It can be difficult to stress just how important learning to set your ignition timing is on a vintage Honda motorcycle. One of the biggest causes of troubleshooting headaches we see all stem from the ignition system and timing. If you do not know without a doubt that your ignition timing is perfect, then you will never be able to truly troubleshoot and ignition system issues. Setting your ignition timing has to be done every 1,500 m (2,400 km) and is what we consider the "weed-out" skill in keeping your motorcycle reliable and performing properly. If you do not know, this is also the final step in your standard tune-up procedure so be sure to have already changed your oil and adjusted your cam chain and valves.
Before getting started, if you never have rebuilt and regreased the ignition advance be sure to do that now. We have a video of how to do that and why it is so important right here:
How To Service The Mechanical Ignition Advance Mechanism On Your Vintage Honda Motorcycle
To set the left points gap you need to turn the engine to about 90 degrees past the fire mark for cylinders 1 and 4. The viewing window will show a small tang on the ignition advance and this indicates the highest point on the ignition cam is contacting the left point.
Point gap: 0.012" - 0.016" (.305mm - .406mm) Service Limit: 0.024"( .610mm)
Always set the point gap as small as possible.
Loosen the point on the points plate and insert the feeler gauge in between the contact pads. With the feeler gauge in, tighten the points screws to lock the point in the position where you can just feel a small amount of drag on the feeler gauge when moving it back and forth in between the pads. Repeat the process for the right point with the engine about 90 degrees past the fire mark for cylinders 2 and 3. Be sure to watch the video above for the complete instructions.
Ignition Timing (Static)
Static timing is set using a timing light according to the process laid out in the Honda Service manual. It involves connecting the test light to the positive connection of each point and ground of the engine to see the exact moment when the point pads make contact. You will then adjust the points to allow for them to contact the moment the engine hits the F mark for cylinders 1&4 (left point) and 2&3 (right point). Be sure to watch the video above for the complete instructions.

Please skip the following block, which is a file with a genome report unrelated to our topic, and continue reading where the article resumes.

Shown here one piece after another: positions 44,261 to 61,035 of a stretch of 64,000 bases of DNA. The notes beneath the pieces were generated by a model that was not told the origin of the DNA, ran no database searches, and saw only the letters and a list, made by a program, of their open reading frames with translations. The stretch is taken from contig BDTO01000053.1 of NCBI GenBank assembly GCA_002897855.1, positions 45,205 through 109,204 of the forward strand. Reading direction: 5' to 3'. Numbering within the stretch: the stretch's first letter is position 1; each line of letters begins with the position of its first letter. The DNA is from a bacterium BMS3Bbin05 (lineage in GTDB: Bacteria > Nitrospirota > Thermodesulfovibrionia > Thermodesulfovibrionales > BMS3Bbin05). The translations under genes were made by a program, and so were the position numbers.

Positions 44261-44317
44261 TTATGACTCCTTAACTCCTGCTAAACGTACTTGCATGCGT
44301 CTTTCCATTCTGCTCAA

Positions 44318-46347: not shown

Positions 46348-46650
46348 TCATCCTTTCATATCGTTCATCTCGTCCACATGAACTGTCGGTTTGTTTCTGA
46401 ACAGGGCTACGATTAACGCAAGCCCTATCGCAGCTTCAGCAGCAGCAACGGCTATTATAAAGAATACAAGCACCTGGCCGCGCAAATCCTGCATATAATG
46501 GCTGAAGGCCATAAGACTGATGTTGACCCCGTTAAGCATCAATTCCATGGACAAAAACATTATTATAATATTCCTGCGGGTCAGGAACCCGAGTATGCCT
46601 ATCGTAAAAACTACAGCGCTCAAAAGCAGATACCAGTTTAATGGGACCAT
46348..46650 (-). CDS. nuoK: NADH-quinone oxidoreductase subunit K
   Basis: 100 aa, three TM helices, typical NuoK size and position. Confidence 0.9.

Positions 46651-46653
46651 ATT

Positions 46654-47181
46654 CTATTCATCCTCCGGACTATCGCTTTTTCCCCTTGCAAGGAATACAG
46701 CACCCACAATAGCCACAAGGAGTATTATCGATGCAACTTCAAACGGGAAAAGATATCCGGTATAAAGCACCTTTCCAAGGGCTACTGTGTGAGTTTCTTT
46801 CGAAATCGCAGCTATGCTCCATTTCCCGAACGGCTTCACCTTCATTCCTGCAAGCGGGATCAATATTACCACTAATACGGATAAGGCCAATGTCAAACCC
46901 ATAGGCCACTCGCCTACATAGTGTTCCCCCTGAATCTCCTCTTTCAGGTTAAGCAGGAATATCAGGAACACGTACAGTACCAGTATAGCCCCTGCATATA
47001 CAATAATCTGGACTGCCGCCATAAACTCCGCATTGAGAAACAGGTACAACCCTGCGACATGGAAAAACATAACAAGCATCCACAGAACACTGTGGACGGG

Always turn your kill switch off when not actively checking the timing. This cuts power to the coils to keep them from cooking/melting during the timing process.
The left point will be adjusted by moving the main points plate and the right point will be adjusted by moving the right point subplate. If you loosen the point itself, it will compromise the point gap you set earlier.
Dynamic timing is set using a stroboscopic timing light with the motorcycle warmed up to operating temperature and at idle speed. The stroboscopic timing light allows you to see the timing in action live while the motorcycle is running and you can make the final adjustments to the timing plate to get your timing dead on. Be sure to watch the video above for the complete instructions. You can take your timing one step further by checking the timing of your full advance but we do not cover this in our instructional video because we have found that these 3 methods get you 99% of the way there. If you would like to learn how to set your timing at full advance with the stroboscopic timing light, refer to the Honda service manuals timing section for the CB500K and CB550.
Parts you might need
CB500K / CB550 Spark Plug Boots
18mm CB550 / CB500K Long Spark Plug Socket
Learn your other standard tune-up procedures:
How to change the oil and oil filter on the Honda CB500K and CB550
How to adjust the cam chain and valves on the Honda CB500K / CB550
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